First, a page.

Moot Court is one of the most engaging and successful extracurricular student organizations at The University of North Texas. The nationally ranked program offers students experiential, curricular, and travel opportunities in law and policy competitions arguing the most important issues of our times. Twenty to thirty students join the team each year, ready to hone their critical thinking, analytical reasoning, and public speaking skills while preparing for a future in law school or advocacy and communications.
"Moot Court has given me my group of friends and a network of similarly-minded passionate individuals, and I've grown significantly in my advocacy skills. In short, Moot Court made coming to UNT feel like coming home." - Hillary Shah Senior, Political Science and Economics double major
Moot Court competitions are designed to simulate appellate court arguments after cases have been decided in trial courts. These competitions allow students to develop career skills in a practical setting which can be applied to virtually all walks of life where effective communication and advocacy are needed. Moot Court tournaments require large numbers of volunteer judges and support for the team to travel to over twelve tournaments per year. Moot Court is always looking for volunteers to assist in these competitions. If you are a former mooter, law student, graduate student, attorney, business entrepreneur, faculty member, or judge, your skills and expertise are needed to help train the next generation. If you are interested in participating, please contact Kimi King at firstname.lastname@example.org for more information.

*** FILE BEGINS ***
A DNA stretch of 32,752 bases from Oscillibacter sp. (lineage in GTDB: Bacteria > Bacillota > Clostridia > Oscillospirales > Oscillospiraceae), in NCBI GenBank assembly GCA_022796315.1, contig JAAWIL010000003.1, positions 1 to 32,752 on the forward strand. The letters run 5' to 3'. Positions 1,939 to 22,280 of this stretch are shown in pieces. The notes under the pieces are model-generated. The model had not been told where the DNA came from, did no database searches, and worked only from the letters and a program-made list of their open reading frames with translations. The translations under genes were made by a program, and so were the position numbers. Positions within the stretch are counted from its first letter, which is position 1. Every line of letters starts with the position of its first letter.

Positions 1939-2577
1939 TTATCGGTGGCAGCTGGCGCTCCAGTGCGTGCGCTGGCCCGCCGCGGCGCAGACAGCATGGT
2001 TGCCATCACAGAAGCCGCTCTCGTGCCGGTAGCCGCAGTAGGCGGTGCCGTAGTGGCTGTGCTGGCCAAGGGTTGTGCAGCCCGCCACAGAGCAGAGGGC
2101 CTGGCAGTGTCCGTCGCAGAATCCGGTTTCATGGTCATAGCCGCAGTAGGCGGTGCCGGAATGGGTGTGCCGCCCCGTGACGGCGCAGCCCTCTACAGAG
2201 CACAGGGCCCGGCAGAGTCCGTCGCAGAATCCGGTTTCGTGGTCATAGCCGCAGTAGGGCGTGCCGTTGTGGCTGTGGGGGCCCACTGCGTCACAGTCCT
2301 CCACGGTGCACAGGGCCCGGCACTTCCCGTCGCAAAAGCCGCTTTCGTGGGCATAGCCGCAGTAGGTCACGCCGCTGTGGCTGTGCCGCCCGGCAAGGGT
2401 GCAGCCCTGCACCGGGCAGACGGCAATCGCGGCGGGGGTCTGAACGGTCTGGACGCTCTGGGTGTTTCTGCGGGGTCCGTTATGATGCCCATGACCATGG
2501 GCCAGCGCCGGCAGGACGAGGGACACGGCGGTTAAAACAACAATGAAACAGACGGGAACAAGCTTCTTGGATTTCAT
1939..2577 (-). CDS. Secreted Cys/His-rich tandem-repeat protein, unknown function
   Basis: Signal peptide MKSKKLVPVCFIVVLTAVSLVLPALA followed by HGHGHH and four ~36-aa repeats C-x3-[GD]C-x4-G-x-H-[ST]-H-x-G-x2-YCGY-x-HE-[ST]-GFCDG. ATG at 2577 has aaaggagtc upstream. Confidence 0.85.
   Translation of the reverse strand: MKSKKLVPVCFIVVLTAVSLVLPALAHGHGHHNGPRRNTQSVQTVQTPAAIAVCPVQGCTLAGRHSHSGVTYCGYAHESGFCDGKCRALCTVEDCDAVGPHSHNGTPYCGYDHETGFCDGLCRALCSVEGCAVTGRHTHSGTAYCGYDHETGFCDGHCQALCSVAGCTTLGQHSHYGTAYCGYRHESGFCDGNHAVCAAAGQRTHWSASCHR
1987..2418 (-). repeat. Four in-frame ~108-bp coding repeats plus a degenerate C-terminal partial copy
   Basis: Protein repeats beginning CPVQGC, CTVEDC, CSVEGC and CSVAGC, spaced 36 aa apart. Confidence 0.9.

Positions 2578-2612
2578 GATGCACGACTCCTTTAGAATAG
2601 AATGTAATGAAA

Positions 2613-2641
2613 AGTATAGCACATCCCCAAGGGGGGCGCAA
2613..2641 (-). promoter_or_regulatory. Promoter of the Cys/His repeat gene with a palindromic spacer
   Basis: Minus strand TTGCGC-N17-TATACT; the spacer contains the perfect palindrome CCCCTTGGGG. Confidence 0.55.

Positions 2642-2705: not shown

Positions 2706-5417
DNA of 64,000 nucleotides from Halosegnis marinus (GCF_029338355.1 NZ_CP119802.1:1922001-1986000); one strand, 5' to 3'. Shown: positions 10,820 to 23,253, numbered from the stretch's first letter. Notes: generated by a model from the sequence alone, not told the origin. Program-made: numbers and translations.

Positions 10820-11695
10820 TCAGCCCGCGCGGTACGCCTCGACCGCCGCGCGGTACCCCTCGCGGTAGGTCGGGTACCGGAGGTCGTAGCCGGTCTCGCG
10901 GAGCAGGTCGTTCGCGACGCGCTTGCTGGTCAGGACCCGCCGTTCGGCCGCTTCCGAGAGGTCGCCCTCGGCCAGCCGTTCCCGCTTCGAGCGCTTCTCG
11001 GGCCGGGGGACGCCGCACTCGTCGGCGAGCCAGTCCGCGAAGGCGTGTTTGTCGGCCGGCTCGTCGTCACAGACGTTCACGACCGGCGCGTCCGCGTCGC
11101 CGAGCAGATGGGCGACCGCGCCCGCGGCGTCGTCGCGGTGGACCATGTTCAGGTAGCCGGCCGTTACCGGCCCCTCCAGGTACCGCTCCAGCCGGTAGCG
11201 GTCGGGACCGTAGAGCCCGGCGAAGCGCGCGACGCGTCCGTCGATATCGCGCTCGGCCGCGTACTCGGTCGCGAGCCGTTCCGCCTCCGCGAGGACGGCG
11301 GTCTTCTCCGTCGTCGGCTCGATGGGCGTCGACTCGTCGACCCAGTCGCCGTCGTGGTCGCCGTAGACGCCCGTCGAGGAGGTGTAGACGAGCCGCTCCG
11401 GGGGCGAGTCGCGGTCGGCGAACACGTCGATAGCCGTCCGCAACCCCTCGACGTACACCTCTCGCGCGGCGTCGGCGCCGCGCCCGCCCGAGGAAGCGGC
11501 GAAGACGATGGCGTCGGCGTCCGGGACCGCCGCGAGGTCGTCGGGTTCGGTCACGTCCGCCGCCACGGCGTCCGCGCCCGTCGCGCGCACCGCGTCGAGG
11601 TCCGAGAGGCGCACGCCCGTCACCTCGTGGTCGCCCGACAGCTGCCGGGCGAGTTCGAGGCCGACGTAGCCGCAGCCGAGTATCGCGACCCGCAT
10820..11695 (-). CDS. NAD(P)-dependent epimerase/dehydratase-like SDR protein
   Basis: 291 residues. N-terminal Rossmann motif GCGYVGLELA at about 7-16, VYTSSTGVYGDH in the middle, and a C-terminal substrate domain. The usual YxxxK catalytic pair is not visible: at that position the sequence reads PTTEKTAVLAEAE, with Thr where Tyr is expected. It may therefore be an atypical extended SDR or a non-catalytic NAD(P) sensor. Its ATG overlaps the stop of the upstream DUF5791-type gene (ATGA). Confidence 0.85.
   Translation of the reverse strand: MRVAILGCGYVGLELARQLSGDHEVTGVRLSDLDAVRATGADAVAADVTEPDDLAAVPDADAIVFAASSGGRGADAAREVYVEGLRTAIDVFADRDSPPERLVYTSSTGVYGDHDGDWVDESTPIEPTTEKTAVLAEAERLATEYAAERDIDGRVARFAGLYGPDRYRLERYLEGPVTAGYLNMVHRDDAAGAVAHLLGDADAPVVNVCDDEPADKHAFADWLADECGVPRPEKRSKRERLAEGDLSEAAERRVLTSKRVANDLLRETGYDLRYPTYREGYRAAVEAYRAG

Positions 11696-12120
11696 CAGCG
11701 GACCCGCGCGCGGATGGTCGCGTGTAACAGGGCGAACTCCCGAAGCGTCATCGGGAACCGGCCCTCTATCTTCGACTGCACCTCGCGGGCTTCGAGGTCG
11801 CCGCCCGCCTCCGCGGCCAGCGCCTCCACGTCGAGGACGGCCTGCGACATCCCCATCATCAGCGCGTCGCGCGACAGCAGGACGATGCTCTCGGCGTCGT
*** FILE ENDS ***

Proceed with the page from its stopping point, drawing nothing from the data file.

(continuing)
UNT Moot Court has done exceptionally well for the budget and size of the university - the team is currently ranked 7th in the nation for oral advocacy overall, and 4th for public universities. The team has moved forward despite the global health crisis, and all tournaments this season will be online. It is exciting because this means that the team will have the opportunity to attend more tournaments and competitions than in previous years. It also poses challenges because university facilities cannot accommodate groups, and some of the teams are exclusively remote. Transitioning to a fully virtual and remote setting requires students have additional resources such as reliable WiFi, computers with webcams and microphones, as well as background screens and podium to present a competitive professional appearance.
If you are interested in making a difference by helping to train the next generation of law and policy leaders and advocates, please visit the link here.